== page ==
The central bankers, aided enormously by a swing to the right in the economics profession, maintained that if control over the money reverted to them, their superior understanding of the economy and the inner workings of monetary policy would mean lower inflation.
Constant agitation for independence bore fruit throughout the 1980s, and one by one central banks became independent. The technocrats had control of the most important substance in the economy, money, giving technocrats enormous power over the electorate, yet they were accountable to no one.
Obviously, the most extreme example of this remoteness is the ECB, where technocrats are not even answerable to a parliament. Interest rate decisions in the euro zone affect the lives of hundreds of millions and they were being taken by remote functionaries. In time, they increased their powers to policing all areas of economic policy from taxation to government spending, setting limits on government debt.
During Ireland’s bailout negotiations, our government was even offered a deal by such technocrats which proposed that Ireland raise its corporation tax in exchange for a few percentage points shaved off the bailout loan. For many, such intrusions – particularly when the 2008 crisis was the direct result of central bank regulatory incompetence – was a step too far. Yet as long as inflation stayed low, the central bankers had a trump card allowing them to claim credit for – as Boris Johnson would later claim – “getting the big calls right”.
Sceptics point out that the low-inflation period of the past 25 years is due to a combination of factors that had nothing to do with central bankers at all. The emergence of China into the global economy doubled the global workforce, pushing down wages. Energy prices have been low relative to the 1970s, keeping a cap on costs, and engineering innovation was driving down the costs of using technology. Consider how dependent you are on your phone now for both work and play. Contrast that with just 10 years ago and contrast the price of telecoms now with then. All these structural factors drove inflation down and none of them had anything to do with central bankers.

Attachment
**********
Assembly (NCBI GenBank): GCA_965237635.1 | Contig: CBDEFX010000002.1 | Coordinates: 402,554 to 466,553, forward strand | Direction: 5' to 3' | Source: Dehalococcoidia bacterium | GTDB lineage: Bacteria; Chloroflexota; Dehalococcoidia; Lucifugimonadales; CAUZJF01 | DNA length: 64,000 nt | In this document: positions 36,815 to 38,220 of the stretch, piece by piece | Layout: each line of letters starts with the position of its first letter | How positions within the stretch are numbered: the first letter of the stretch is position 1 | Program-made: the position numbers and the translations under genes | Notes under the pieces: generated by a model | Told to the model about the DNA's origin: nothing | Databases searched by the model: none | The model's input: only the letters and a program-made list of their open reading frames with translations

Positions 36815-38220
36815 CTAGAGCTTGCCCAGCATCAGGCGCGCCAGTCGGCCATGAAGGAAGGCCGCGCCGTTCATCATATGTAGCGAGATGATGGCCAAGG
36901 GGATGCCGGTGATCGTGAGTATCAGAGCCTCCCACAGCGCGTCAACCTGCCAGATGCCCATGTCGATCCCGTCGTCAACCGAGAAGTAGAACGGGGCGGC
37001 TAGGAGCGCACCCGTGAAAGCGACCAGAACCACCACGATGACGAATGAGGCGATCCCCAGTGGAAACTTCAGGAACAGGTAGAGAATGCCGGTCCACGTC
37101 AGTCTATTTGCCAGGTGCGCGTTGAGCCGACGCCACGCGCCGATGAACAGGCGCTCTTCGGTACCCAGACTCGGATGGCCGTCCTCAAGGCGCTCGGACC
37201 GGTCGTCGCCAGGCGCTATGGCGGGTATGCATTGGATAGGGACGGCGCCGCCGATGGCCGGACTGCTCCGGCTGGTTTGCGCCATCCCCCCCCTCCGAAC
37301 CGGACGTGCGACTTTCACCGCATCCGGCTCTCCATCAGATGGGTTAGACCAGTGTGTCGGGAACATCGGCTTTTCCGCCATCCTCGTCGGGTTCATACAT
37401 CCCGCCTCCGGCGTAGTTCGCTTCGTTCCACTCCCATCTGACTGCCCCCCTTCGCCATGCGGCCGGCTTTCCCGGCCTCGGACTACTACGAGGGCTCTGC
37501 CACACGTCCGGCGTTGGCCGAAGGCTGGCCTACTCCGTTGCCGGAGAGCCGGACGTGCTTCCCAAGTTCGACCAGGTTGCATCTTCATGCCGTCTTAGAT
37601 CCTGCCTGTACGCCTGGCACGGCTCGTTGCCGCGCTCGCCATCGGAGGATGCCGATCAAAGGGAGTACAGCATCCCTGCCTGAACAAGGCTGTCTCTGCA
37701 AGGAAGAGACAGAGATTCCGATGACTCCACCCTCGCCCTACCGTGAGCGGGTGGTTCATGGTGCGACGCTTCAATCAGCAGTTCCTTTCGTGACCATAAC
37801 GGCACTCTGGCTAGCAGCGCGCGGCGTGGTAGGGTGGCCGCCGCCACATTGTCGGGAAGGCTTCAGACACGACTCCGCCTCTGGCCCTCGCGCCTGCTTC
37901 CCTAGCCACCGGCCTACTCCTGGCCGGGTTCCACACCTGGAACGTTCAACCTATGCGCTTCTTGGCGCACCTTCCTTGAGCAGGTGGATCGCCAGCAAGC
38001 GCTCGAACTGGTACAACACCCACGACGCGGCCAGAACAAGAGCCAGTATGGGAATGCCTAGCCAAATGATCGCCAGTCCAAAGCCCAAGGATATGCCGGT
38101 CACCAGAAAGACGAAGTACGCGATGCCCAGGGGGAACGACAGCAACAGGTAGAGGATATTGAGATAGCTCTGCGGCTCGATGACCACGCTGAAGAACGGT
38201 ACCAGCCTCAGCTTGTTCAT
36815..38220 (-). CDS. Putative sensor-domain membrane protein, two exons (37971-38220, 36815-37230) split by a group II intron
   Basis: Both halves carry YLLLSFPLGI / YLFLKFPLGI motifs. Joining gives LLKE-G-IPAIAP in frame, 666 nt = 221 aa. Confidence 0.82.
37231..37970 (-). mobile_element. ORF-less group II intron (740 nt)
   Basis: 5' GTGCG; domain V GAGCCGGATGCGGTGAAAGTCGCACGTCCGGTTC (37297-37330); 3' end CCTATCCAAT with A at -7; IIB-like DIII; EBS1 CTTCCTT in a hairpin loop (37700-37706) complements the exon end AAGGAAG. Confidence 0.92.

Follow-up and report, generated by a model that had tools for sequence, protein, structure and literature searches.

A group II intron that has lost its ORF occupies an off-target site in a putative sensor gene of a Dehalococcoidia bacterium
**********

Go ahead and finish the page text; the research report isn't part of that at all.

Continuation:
In 2022, as inflation took off, naturally people looked to the omnipotent central bankers for a solution. But they had no answers bar precipitating a recession using the blunt instrument of higher interest rates. The emperor’s new clothes come to mind. Inventive anti-inflation strategies are coming from certain governments such as Germany’s, which is using price caps to reduce energy price inflation, subsidising German industry.
At a global level, the gas and price cap on Russian energy is coming from governments, not central bankers, who are in a bind because, having blown up an asset price bubble with easy money, they can’t now deflate that bubble too quickly without risking another 2008-style global financial crisis.
We are already seeing 2008-style asset price falls in tech and crypto markets. Could we see contagion in the general economy? Quite possibly. The last time, the viral super spreaders were the banks. Could they afflict us all again?
What now for central bankers? It’s quite likely that the pendulum will swing against central bank independence in the next few years and governments will try to wrest control of money from the technocrats. Maybe that will be Lagarde’s legacy. She may be regarded as the last of her kind. A policy swing like that would not be without its casualties. Expect the 30-year settlement at the heart of the euro zone, in which Italy and France accept German dominance in the field of money, to be tested.
If central bankers want to keep their privileged position while the average politician gets savaged on a daily basis, they’ll have to come up with better lines than “Inflation came out of nowhere”. Power without responsibility is the most dangerous dominion.